Other technical first for this year were the submission of word games and a game which used the microphone. Word Twister used built-in levels, and Scr4mble used reflection to grab class names from the J2SE API and split them into words to build a dictionary. Frequent Flier was controlled by the pitch sung into the mic.

The games were reviewed by five judges: Arni Arent, Chris Melissinos, Matt Hicks, Eli Delventhal, and Mark DeLoura. As previously, they reviewed in the three categories of Overall, Technical, and Presentation.

There was minor controversy over the scoring because some judges were unable to play some games. Their scores for those games were initially 0 and counted against those games when the scores were first released on April 1, but the averages were changed to discount these 0 scores three hours later.

  • Year 8 (2010) to Year 12 (2014)

Following problems with Webstart in 2009, the 2010 and later contests were applets-only, but it did introduce the option of using pack200 compression. Since 2010, judges gave only an overall score, which was normalised before averaging. There was also a separate community voting system where each voter had 50 points (25 before 2013) to allocate between the games, with a limit of 5 points to any game. Since 2013, there is the option for voters to add a short sentence for feedback.

Results[edit]

Year Dates Entries Judges Rankings Links
2003 Unknown - No official judging.
2004 Unknown mlk
  • Winner: Defender 4000
  • Best Technical Achievement Award: Prong
  • Best score: Abuse's Shooty-Transparenty Game
2005 50 Chris Melissinos
and others
  • Winner: T4XI by Kevin Glass
2006 55 kingaschi, borkert,
Malohkan, nonnus29,
peggy, shelton, tim

Gold Miners4K by Markus Persson
Silver Roll4K by Kevin Glass
Bronze Goomba4K by Woogley

2007 December 1, 2006
March 1, 2007
57 -
(voted by community)

Gold Metro4k by Blaine Hodge
Silver Roadfourk by Jojoh
Bronze aichess4k by Ulf Ochsenfahrt

Overall Score Technical Score Presentation Score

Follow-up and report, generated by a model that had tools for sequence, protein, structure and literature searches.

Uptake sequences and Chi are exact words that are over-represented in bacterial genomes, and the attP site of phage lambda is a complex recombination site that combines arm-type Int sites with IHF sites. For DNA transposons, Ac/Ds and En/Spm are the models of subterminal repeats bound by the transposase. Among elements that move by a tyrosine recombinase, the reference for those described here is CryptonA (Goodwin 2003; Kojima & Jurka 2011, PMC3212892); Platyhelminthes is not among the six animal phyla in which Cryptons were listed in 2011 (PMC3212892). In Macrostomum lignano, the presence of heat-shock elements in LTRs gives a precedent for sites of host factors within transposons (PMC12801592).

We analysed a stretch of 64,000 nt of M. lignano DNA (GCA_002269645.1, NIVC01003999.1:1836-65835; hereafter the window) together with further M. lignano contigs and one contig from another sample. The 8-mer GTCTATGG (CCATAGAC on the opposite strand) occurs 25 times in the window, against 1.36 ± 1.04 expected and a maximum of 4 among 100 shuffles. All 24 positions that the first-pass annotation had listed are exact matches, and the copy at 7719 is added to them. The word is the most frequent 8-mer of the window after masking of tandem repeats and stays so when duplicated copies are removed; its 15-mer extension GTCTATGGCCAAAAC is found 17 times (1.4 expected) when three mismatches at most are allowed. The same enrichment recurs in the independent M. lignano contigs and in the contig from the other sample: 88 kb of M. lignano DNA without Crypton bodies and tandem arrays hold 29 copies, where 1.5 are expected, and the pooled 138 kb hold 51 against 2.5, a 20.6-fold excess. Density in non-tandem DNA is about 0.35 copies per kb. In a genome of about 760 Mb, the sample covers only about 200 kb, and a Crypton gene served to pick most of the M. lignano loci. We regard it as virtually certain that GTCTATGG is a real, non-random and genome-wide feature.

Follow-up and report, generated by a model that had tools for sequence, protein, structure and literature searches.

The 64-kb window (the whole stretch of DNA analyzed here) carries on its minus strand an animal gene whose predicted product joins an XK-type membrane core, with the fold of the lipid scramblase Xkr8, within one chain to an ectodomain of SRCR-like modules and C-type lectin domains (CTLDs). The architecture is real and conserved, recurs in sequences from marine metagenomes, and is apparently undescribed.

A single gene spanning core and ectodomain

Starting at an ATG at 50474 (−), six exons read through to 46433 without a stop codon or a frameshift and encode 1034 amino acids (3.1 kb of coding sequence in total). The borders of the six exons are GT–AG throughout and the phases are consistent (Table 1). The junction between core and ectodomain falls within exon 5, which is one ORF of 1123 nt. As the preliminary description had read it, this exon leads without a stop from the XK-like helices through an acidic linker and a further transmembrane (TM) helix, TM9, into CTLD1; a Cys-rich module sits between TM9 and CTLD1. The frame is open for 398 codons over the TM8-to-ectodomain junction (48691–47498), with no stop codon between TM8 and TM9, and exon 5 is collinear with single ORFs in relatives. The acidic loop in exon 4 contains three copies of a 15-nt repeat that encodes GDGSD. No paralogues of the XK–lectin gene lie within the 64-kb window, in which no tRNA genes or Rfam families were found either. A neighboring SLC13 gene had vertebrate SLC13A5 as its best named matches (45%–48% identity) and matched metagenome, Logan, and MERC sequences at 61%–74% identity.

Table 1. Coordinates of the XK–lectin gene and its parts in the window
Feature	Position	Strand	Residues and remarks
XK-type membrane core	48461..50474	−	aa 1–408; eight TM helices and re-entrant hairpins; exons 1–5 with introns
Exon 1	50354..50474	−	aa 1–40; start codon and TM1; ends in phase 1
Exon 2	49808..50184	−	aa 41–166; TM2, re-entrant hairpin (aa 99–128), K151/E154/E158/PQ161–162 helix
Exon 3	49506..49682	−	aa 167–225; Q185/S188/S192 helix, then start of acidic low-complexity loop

2008 December 1, 2007
March 1, 2008
21 Arni Arent, Joakim Johnsson,
Kevin Glass, Matt Hicks,
Chris Melissinos

Gold Spiderball4k by Måns Olson
Silver Pinball 4K by Tom-Robert Bryntesen
Bronze t4kns by Markus Persson

Gold Z4rch by Simon
Silver Mini Golf by Tim Foden
Bronze Pinball 4K by Tom-Robert Bryntesen

Gold t4kns by Markus Persson
Silver Spiderball4k by Måns Olson
Bronze war4k by Michael Bliem

2009 December 1, 2008
February 28, 2009
67 Arni Arent, Chris Melissinos
Matt Hicks, Eli Delventhal,
Mark DeLoura

Gold Left 4k Dead by Markus Persson
Silver Bridge4k by Måns Olson
Bronze Pixeloids4k by Måns Olson

Gold Bridge4k by Måns Olson
Silver Pixeloids4k by Måns Olson
Bronze Left 4k Dead by Markus Persson

Gold Left 4k Dead by Markus Persson
Silver Red Baron 4K by Marcin Kochanowski
Bronze NiGHTS 4k by Orangy Tang

Judges' voting Community voting
2010 December 1, 2009
February 28, 2010
34 Arni Arent, Eli Delventhal,
Kevin Glass

Gold Burning Man by SquashMonster
Silver GTA4K by Simon
Bronze FortressFall4k by soothsayer

Gold Burning Man by SquashMonster
Silver GTA4K by Simon
Bronze FortressFall4k by soothsayer

2011 December 1, 2010
February 28, 2011
45 Arni Arent, Kappa,
Riven

Gold 4Kube 3D by Erik Byström
Silver Stick Shift 4k by pjt33
Bronze Legend of Zelda 4K by zeroone

Gold 4Kube 3D by Erik Byström
Silver 4Kanabalt by Kevin Glass
Bronze Legend of Zelda 4K by zeroone

2012 December 1, 2011
February 29, 2012
51 Arni Arent, Eli Delventhal,
Drabiter, and pjt33

Gold The Little Scientist by Marwane Kalam-Alami
Silver Kobold Tournament 4k by Damocles
Bronze Di4klo by StephR

Gold Laser Pinball by zeroone
Silver Snake on a Plane by Kevin Glass
Bronze PORT4K by Erik Byström

2013 December 1, 2012
February 28, 2013
68 Arni Arent, Drabiter
Roi Atalla

Gold Flywrench4k by Mans Olson
Silver Rainbow Road by zeroone
Bronze Farmer John and the Birds 4k by Grunnt

Gold Rainbow Road by zeroone
Silver Plants 4K Zombies by teletubo
Bronze tiny_world by dapy

2014 December 1, 2013
February 28, 2014
24 Arni Arent, Jimmt
teletubo

Gold In The Dark 4K by Gef
Silver Raid On Java 4K by Felix
Bronze MyPrecious by ApoGames

Gold In The Dark 4K by Gef
Silver Sokobond4k by ApoGames
Bronze MyPrecious by ApoGames

External links[edit]

References[edit]

  1. ^ "JavaGaming Forum". Retrieved 2007-04-30.